How to Install a French Drain
Time Required: Over 1 day
Drainage problems in your yard can lead to pooling, mold or water damage in or around your home. Luckily, you can avoid these problems by installing a French drain. A French drain is a trench filled with a perforated pipe and gravel that allows water to drain naturally from your yard. Depending on the size of your yard and the scale of your drainage issue, you can purchase the pipes and equipment to create a French drain yourself.
Figure out where the excess water is pooling and where you want it to go.
- When choosing an outlet for runoff water, look for retention ponds or other bodies of water, or tap into existing drainage. You can divert the runoff water to the road curbside if that's easiest.
- Do not drain onto a neighbor's property.
- Use striping spray paint, stakes, flags or another method to mark the direction and length of the trench.
- For proper drainage, the trench and pipe system should always drain from a higher elevation and let out water at a lower elevation.
- Always direct the water away from your home.
- Before the French drain installation, make sure your neighborhood has no zoning restrictions and get necessary permissions.
Tip: Confirm that your water issue is not caused by leakage from underground pipes that need repair.
Dig a trench from the place in your yard that needs drainage to your chosen outlet.
- Check for underground utility lines and pipes before digging.
- The trench should be about 18 inches deep and 9 to 12 inches wide.
- French drains need to have a slope of at least 1 percent, so the force of gravity will work for you. This means that the drain should slope down a total of at least one inch for every 10 feet of pipe.
- Depending on the size of your trench, either dig the trench with shovels or consider a trencher rental to get your project done. Use once, then bring it back - no maintenance required and you won’t need to store it either.
- To keep the French drain free of dirt, silt and tree roots, lay water-permeable filter fabric or a weed barrier over the gravel bedding in the trench.
- Leave the filter fabric open with at least 10 inches of excess fabric at the sides.
- Install an inlet grate at the point where the water pools the most.
- Secure as many fittings as necessary for your pipe system to extend from the inlet grate to the water outlet point.
- You can use an inexpensive, flexible drainage hose if you need a curved drain or longer-lasting PVC pipe if you want a more durable system. If you choose the latter, drill holes about 6 inches apart along the length of the pipe.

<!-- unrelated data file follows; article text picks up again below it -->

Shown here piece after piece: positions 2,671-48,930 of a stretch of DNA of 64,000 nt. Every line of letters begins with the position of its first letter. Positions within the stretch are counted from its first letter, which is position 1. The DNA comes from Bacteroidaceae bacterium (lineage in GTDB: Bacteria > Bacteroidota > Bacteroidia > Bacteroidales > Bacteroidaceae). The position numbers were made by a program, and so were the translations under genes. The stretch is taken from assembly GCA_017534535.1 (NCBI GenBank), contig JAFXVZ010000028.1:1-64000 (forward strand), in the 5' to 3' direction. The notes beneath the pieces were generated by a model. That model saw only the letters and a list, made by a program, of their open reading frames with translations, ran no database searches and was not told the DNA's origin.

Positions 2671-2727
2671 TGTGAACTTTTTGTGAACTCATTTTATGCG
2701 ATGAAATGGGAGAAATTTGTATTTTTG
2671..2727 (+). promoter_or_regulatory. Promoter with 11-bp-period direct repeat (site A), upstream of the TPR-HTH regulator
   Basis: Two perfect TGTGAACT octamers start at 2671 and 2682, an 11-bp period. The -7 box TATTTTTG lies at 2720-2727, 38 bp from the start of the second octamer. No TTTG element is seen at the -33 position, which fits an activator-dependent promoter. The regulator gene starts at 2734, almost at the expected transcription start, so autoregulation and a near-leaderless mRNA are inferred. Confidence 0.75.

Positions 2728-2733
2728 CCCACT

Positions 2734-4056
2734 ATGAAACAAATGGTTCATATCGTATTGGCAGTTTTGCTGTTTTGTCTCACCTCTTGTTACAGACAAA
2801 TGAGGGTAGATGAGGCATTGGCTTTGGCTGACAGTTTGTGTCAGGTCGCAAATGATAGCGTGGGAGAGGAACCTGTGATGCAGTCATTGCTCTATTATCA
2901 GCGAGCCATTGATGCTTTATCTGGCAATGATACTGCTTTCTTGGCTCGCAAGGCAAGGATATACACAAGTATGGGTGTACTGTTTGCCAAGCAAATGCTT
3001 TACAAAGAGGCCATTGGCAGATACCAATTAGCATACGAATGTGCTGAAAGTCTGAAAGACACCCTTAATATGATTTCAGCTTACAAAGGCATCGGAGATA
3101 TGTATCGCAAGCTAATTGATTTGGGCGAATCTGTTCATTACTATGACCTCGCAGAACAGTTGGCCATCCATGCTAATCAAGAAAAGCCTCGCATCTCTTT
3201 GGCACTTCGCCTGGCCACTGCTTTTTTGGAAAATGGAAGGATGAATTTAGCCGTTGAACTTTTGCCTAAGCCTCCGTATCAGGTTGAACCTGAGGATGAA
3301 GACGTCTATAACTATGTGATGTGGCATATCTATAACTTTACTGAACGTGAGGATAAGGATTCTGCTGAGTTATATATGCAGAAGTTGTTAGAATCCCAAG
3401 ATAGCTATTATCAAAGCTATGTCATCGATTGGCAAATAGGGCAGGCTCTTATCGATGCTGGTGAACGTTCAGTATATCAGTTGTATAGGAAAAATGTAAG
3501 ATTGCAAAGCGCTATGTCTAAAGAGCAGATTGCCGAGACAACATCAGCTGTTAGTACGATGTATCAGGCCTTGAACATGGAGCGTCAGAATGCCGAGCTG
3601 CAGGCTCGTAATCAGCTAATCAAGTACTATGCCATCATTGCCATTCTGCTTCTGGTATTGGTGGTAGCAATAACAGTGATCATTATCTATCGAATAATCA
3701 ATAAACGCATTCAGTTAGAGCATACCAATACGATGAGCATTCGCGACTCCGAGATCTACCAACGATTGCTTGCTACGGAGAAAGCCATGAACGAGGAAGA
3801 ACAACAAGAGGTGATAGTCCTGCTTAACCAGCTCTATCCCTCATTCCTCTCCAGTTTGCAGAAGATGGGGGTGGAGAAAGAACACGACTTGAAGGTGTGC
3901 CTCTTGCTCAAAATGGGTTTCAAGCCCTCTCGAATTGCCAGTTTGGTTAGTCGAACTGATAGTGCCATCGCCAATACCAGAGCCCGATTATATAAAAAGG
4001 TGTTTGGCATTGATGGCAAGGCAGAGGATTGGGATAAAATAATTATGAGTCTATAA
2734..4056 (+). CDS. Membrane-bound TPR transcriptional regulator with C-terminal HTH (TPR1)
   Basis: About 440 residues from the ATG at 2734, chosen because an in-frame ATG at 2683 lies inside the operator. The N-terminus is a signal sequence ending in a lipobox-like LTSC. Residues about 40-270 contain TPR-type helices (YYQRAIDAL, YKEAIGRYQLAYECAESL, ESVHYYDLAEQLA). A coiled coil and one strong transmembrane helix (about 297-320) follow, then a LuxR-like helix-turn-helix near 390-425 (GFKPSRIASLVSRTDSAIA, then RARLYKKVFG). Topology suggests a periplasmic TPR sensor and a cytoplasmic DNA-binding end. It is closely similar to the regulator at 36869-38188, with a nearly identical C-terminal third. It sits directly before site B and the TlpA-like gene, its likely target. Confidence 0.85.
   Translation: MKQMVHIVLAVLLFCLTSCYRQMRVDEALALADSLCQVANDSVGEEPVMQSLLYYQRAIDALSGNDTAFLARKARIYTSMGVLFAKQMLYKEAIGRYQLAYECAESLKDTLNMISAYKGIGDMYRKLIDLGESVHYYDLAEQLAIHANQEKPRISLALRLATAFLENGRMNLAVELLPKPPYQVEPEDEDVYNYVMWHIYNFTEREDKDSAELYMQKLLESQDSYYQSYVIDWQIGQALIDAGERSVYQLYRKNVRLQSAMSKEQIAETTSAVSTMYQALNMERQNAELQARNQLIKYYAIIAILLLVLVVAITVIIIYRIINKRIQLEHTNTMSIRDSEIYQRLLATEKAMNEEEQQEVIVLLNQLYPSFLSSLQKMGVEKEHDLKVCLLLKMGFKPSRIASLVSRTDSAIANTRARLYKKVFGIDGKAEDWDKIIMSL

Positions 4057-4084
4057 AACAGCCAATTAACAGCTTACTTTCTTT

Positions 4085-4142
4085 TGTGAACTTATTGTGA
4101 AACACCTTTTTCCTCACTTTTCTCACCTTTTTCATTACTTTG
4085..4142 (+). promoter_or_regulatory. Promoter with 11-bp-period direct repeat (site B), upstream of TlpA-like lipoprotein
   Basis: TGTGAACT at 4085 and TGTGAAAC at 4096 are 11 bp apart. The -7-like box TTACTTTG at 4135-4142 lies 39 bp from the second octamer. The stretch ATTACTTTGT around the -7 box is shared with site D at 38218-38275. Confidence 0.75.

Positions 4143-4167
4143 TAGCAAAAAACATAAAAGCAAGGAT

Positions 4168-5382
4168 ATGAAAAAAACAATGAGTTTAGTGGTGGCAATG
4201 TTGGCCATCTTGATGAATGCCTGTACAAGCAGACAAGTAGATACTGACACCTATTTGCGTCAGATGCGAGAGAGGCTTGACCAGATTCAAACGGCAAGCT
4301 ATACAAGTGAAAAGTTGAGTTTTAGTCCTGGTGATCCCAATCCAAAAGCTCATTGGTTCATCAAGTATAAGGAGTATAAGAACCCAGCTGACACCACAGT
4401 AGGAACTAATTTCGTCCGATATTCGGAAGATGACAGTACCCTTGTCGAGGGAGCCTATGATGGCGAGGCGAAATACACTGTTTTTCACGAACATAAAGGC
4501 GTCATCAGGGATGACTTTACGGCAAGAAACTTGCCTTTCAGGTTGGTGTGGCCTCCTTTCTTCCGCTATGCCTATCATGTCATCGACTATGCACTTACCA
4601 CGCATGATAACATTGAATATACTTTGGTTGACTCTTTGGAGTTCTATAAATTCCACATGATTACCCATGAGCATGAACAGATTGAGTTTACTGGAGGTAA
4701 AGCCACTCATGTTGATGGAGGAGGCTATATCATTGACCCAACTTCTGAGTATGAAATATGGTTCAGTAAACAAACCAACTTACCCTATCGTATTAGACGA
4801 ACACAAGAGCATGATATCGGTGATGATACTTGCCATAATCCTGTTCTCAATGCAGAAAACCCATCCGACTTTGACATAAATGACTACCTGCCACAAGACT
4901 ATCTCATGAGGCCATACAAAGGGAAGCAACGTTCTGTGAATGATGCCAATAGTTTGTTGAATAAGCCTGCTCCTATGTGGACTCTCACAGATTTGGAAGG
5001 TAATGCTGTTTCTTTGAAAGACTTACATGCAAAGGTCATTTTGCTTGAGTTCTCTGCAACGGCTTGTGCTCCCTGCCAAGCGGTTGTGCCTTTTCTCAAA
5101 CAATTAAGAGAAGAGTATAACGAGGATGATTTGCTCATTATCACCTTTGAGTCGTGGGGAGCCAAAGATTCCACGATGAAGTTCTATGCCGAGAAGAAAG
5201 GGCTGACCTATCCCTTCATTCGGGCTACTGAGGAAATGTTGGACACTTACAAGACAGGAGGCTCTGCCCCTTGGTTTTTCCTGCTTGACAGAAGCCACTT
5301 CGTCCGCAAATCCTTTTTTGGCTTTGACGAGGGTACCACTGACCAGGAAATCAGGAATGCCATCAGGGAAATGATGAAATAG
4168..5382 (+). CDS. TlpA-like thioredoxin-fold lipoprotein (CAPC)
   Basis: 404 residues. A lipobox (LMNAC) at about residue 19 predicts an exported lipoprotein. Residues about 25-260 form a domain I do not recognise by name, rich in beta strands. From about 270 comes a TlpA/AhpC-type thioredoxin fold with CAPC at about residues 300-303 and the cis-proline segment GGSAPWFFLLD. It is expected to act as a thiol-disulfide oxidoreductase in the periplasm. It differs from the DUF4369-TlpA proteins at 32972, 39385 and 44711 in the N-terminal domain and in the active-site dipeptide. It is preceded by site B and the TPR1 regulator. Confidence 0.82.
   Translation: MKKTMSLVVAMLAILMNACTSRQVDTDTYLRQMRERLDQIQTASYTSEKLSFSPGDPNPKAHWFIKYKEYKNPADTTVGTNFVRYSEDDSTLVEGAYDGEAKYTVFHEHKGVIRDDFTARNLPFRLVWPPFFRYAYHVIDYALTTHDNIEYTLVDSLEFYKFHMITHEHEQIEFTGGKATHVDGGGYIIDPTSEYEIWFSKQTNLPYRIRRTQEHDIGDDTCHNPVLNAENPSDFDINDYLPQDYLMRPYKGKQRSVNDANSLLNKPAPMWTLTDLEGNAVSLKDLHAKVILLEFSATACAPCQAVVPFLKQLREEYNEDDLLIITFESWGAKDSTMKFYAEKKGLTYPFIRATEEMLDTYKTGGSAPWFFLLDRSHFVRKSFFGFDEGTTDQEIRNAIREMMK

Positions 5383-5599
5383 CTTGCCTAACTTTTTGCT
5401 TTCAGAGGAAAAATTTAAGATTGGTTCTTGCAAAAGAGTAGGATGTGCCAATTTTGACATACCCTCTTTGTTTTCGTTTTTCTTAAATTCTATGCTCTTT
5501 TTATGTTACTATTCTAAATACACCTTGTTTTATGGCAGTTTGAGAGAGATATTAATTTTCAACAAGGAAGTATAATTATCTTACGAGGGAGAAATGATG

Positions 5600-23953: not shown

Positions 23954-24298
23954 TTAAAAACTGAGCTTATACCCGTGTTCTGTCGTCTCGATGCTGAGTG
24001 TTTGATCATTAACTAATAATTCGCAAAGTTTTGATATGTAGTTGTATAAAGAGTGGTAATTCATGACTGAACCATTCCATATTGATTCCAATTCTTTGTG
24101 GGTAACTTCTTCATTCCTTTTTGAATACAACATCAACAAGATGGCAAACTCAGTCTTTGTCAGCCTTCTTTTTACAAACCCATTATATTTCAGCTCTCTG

- Lay the connected pipe structure in the trench on top of the layer of crushed stone, and make sure the drainage holes in the perforated pipe are pointed downwards.
- Test the flow of the drain by pouring water into the inlet grate.
- Cover the pipe with about 3 inches of gravel or crushed stone, but not enough to cross above ground level.
- Wrap the excess filter fabric over it for another layer of protection.
- Fill the trench with topsoil and compact to completely cover the entire French drain system.
- When filling the area around the inlet grate, temporarily cover the grate to prevent any stones or soil from falling in after installing the French drain.
- Reseed the surface if necessary or cover with landscaping stone.
- Regularly inspect and clean the inlet grate and outlet point. Flush debris when needed to keep the water flowing freely.
- If your French drain breaks or gets clogged, you may have to dig up part of it for inspection or repair, which is easier if it’s covered with landscaping stone and not grass.
To save some steps in the process of French drain installation, consider purchasing an alternative gravel-free drainage pipe system. This system uses a corrugated pipe surrounded by polystyrene aggregate that is then wrapped in filter fabric.
If you choose this approach instead of manually building a French drain, skip the filter fabric and crushed stones steps listed above. Just place the product in the trench following the manufacturer's instructions and cover with soil.
Because digging the trench can be difficult work on your own, get friends and family to help if possible. Once the trench is complete, installing a French drain is a straightforward process. The new drain will get runoff water under control, protect your basement and keep your yard from becoming a swamp.
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